Released: 4th Janurary
Seen: 9th January

Lionheart Info.png


Say what you will about how Netflix operates with its originals but it has always been a good place to go for films that are not likely to get a mainstream release. Sometimes that means high quality films that just don’t fit what a distributor normally would consider mainstream, sometimes it means they pick up the things everyone else forgets, occasionally it’ll mean they’ll make everyone suffer through an Open House or two, and sometimes it means that they’ll find a voice that would normally be restricted to a smaller market or the indie circuit and give it a global audience right at their fingertips. When that last one happens, it tends to find something interesting and this time Netflix found a Nigerian comedy with a female director and decided to put it in front of the globe and thank goodness they did.

Lionheart Genevieve Nnaji.pngLionheart revolves around Adaeze (Genevieve Nnaji), a young woman who works for her father, Ernest (Pete Edochie) at Lionheart Transportation. When her father falls ill and someone needs to take over the company, Adaeze is absolutely certain that she’ll be the one picked to take over for her father. She’s shocked to discover that her father has instead chosen her uncle, Godswill Obiago (Nkem Owoh), to take over for him while he recovers. Even though it hurts, she still works hard for the company… and has to take on the biggest threat to her family business ever when it’s revealed that her father took out a one billion naira loan (Or, roughly, 2.7 million US) and it’s due within 30 days. So now, while dealing with the pain of her father’s illness and trying to make it in a male dominated business world, she must also try to save the company in any way that she can… while also dealing with her uncle the entire time.

Lionheart Nkem Owoh.pngGenevieve Nnaji is a director that everyone should be keeping an eye out for in the future. While she’s already big in Nigeria as an actress, the western world might not know her as well. I admit that I didn’t know her before this film but now that I know who she is, I’m going to be an eye out for her because she is absolutely incredible. Her direction is stunning, pulling out great performances from her cast and assembling a really sweet film while also giving an incredible leading performance. She mixes comedy and moments of emotional family drama superbly and seeing how she manages to make the film effortlessly enjoyable makes me excited to see what her directorial work will be in the future. The performance by Nkem Owoh as her uncle is just a genuinely hilarious performance, especially any time he’s defending his niece or when he overhears something going on and decides to step in to doear the right thing. The two of them together are an incredible pair. It’s a touching relationship, a kind that we don’t really see in films that often. While seeing the relationship between a child and parent is common, the bond between a niece and her uncle seems to be very rare and it’s wonderfully done here.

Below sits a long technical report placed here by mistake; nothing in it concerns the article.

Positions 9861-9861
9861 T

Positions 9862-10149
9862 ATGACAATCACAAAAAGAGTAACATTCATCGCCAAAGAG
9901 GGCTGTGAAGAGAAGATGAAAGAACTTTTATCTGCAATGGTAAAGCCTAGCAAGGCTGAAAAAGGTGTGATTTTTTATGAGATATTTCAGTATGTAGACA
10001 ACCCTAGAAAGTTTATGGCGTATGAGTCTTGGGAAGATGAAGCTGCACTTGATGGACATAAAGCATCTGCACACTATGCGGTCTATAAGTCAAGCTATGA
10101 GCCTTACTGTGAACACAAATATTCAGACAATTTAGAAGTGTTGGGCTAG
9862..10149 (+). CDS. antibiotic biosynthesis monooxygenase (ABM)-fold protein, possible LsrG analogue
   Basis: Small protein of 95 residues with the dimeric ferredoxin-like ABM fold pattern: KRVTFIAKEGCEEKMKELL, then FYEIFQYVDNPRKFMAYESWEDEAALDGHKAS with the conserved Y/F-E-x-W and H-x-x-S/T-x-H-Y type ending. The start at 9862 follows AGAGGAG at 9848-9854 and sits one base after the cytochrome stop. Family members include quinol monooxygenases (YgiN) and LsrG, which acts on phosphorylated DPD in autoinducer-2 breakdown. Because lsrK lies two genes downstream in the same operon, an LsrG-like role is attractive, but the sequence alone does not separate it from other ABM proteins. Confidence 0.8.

Lionheart Negotiation Scene.pngThe storyline is pretty simple, it’s the standard “Child needs to take over the father’s business” plot with a slight twist but that allows them to focus mostly on the charm. This is not one of those laugh out loud comedies where you’ll bust a gut, it’s a more subdued comedy with a few really good lines that get a giggle but for the majority of the movie you’re smiling because everything is just charming. The main performances draw you along on this simple ride that is a genuine delight, and seeing Asaeze’s rise through the ranks makes you feel hopeful that she’ll break through that glass ceiling by the end of it. I do wish they’d had a few more moments like the jail cell scene, easily a comedic highlight that revolved around a really absurd situation and had a lot of great laughs in it, but for the most part it’s just a nice easygoing movie that’s a joy to watch.

Lionheart Pete Edochie.pngEvery actor in this film is something special, I’m sure all of them are big in their country and I feel like a fool for having slept on them so long. Each one brings so much charm and warmth that I can’t even bring myself to think up a negative about the film. I end up just relaxing and enjoying the film, I may have seen similar films before and so I will admit that I didn’t get as emotional about the story as I might’ve had I not seen this kind of story before, but it still worked really well.

Lionheart is a film with the heart of a lion. It’s full of charm and sweetness with some great leading performances. It may not be the most original film I’ve seen and I may have wanted them to push a little more into the comedy because they really excel in those moments, but it’s just a really good film that kept me smiling the entire time and sometimes, that’s all you need.


One thought on “Lionheart (2019) – Full Of Heart

Leave a Reply

Fill in your details below or click an icon to log in: Logo

You are commenting using your account. Log Out /  Change )

Facebook photo

You are commenting using your Facebook account. Log Out /  Change )

Connecting to %s

This site uses Akismet to reduce spam. Learn how your comment data is processed.